Film review - Leave to Remain

Bruce Goodison’s impressive feature, Leave to Remain (2013), confronts the issue of teenage asylum seekers struggling to adapt to life in London and dealing with past trauma as they wait for their permanent leave to remain. In Britain, unaccompanied minors are granted temporary asylum and are placed in foster homes or shelters.  But when they reach eighteen, their cases are reassessed and they live in limbo as they await the court’s decision which can take months, or even years. In the opening scene, a caption informs us that only one in ten are finally granted permanent residency.

 Leave to Remain is set in a shelter and community centre for asylum seekers and homeless teens run by “Uncle Nigel” (Toby Jones) who is teacher, mentor and friend to the youngsters. The film opens with Omar (Noof Ousellam), one of the more confident residents, speaking in public about his experiences. He had arrived in the UK from Afghanistan, aged fourteen, and was granted a safe haven. Now considered an adult, he is about to hear if he has leave to remain. When fifteen-year-old Abdul (Zarrien Masieh), a Hazara from the same region arrives, Omar is inexplicably angry. Gradually, it is revealed that Abdul knows something about Omar’s past that could affect his appeal. Meanwhile, Abdul has to prove his age, ethnicity and that his own tragic story is true.  Guinean Zizidi (Yasmin Mwanza) is equally traumatised. Raped when she was twelve years old, forced into marriage, she was beaten and abused by her husband and his friends and fell pregnant three times before she was able to escape. Her case is considered domestic rather than political and she is initially refused asylum.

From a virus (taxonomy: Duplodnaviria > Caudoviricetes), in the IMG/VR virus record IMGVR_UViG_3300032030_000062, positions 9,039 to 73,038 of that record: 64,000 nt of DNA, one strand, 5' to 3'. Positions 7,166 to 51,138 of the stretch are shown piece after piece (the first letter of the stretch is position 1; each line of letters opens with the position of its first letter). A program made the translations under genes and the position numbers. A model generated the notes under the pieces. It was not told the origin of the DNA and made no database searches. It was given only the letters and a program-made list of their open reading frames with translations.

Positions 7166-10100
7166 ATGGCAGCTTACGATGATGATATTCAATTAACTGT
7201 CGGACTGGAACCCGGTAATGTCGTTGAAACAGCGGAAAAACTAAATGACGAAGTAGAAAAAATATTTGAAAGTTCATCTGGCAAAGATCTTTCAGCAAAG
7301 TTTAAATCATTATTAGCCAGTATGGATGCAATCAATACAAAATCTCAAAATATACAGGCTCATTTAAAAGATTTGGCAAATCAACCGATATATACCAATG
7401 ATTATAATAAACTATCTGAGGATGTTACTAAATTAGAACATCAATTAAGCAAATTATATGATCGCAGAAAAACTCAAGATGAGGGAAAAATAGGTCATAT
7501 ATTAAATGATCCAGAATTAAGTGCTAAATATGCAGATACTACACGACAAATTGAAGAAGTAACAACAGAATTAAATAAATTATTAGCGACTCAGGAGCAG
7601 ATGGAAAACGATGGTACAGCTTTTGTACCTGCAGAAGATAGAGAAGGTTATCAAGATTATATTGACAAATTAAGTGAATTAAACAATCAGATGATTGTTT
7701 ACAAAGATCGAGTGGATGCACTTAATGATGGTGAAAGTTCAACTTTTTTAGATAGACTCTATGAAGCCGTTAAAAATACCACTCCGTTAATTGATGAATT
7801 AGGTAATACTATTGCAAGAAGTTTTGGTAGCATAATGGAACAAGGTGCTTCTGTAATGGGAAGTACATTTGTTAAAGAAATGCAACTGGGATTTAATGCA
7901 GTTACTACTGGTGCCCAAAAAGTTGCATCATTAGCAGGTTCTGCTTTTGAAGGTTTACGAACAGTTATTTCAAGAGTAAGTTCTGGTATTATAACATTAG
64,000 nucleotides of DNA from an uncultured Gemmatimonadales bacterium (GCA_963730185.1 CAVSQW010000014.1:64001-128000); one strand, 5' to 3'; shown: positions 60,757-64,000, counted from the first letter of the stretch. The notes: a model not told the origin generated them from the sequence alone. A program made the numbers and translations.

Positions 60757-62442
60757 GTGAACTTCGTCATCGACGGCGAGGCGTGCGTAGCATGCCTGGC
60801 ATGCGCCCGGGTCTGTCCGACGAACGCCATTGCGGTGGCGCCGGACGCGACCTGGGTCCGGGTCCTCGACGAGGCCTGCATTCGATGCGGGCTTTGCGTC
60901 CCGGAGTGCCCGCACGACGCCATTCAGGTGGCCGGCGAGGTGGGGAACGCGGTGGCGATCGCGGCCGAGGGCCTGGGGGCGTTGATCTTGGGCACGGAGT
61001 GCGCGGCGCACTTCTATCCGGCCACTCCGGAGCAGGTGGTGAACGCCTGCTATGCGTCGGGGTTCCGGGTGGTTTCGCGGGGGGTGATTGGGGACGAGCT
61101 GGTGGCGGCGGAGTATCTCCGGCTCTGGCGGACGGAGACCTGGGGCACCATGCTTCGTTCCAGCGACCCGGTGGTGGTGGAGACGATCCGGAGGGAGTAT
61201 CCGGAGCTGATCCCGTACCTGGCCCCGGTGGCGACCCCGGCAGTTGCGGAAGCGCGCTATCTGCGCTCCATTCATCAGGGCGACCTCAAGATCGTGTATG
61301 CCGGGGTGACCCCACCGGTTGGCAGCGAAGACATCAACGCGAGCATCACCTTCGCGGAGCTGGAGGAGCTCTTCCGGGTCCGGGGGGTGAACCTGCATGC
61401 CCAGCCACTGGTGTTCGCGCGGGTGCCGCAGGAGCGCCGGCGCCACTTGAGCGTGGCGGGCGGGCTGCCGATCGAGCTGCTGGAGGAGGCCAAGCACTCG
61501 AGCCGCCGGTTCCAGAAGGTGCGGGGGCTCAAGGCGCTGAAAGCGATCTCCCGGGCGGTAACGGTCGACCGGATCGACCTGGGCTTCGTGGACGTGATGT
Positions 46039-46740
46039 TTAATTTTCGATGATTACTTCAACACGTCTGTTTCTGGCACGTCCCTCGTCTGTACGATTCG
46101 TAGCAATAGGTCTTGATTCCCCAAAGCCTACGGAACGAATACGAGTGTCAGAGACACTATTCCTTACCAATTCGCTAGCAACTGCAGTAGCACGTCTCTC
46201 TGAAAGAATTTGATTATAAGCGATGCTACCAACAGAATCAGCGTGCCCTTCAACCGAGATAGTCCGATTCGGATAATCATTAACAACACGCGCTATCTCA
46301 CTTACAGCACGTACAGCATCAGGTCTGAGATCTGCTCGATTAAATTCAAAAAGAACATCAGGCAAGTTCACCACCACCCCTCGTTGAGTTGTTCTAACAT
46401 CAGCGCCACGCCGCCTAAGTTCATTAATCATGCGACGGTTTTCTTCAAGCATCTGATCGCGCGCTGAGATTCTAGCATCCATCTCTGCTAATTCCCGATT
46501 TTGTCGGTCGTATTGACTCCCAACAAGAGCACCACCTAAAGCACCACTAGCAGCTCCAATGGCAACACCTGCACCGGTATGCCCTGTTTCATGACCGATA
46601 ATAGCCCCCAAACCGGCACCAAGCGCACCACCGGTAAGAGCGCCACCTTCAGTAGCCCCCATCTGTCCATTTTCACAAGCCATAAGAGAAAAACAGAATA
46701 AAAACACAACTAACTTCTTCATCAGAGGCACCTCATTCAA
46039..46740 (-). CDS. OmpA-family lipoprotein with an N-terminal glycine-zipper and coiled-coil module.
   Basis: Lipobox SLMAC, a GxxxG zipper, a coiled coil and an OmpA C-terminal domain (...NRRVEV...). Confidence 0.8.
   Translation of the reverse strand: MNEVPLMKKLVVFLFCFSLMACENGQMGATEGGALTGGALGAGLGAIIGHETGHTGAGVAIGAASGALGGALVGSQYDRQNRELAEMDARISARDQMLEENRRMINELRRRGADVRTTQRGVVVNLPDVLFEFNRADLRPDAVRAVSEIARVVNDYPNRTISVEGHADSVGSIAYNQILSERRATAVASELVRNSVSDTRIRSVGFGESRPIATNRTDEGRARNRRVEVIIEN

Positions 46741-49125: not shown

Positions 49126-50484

Leave to Remain is the result of a film academy set up by Goodison and his colleagues which provides industry training for teenage asylum seekers. The script, co-written by Goodison and Charlotte Colbert, is based on real life stories and most of the talented young leads and the crew come from refugee backgrounds. Goodison offers a poignant insight into the lives of young people trying to integrate and understand an alien culture.  Wisely, he shows that their cases are not always clear cut; sometimes lies have to be told in order for them to be believed. Intercut with the refugee stories are the perspectives of social workers, solicitors, doctors as well as some less than sympathetic staff working for the Home Office. The line between documentary and drama is deliberately blurred allowing for a gritty realism and sense of authenticity. It is not all doom and gloom, however, and Goodison injects humour into various scenes. Particularly memorable are a mountain hike and the group’s attempts to stage a Nativity play – many of them are from Muslim backgrounds.  An important and timely addition to the current debate surrounding immigrants and refugees, Leave to Remain educates and entertains on a number of levels.

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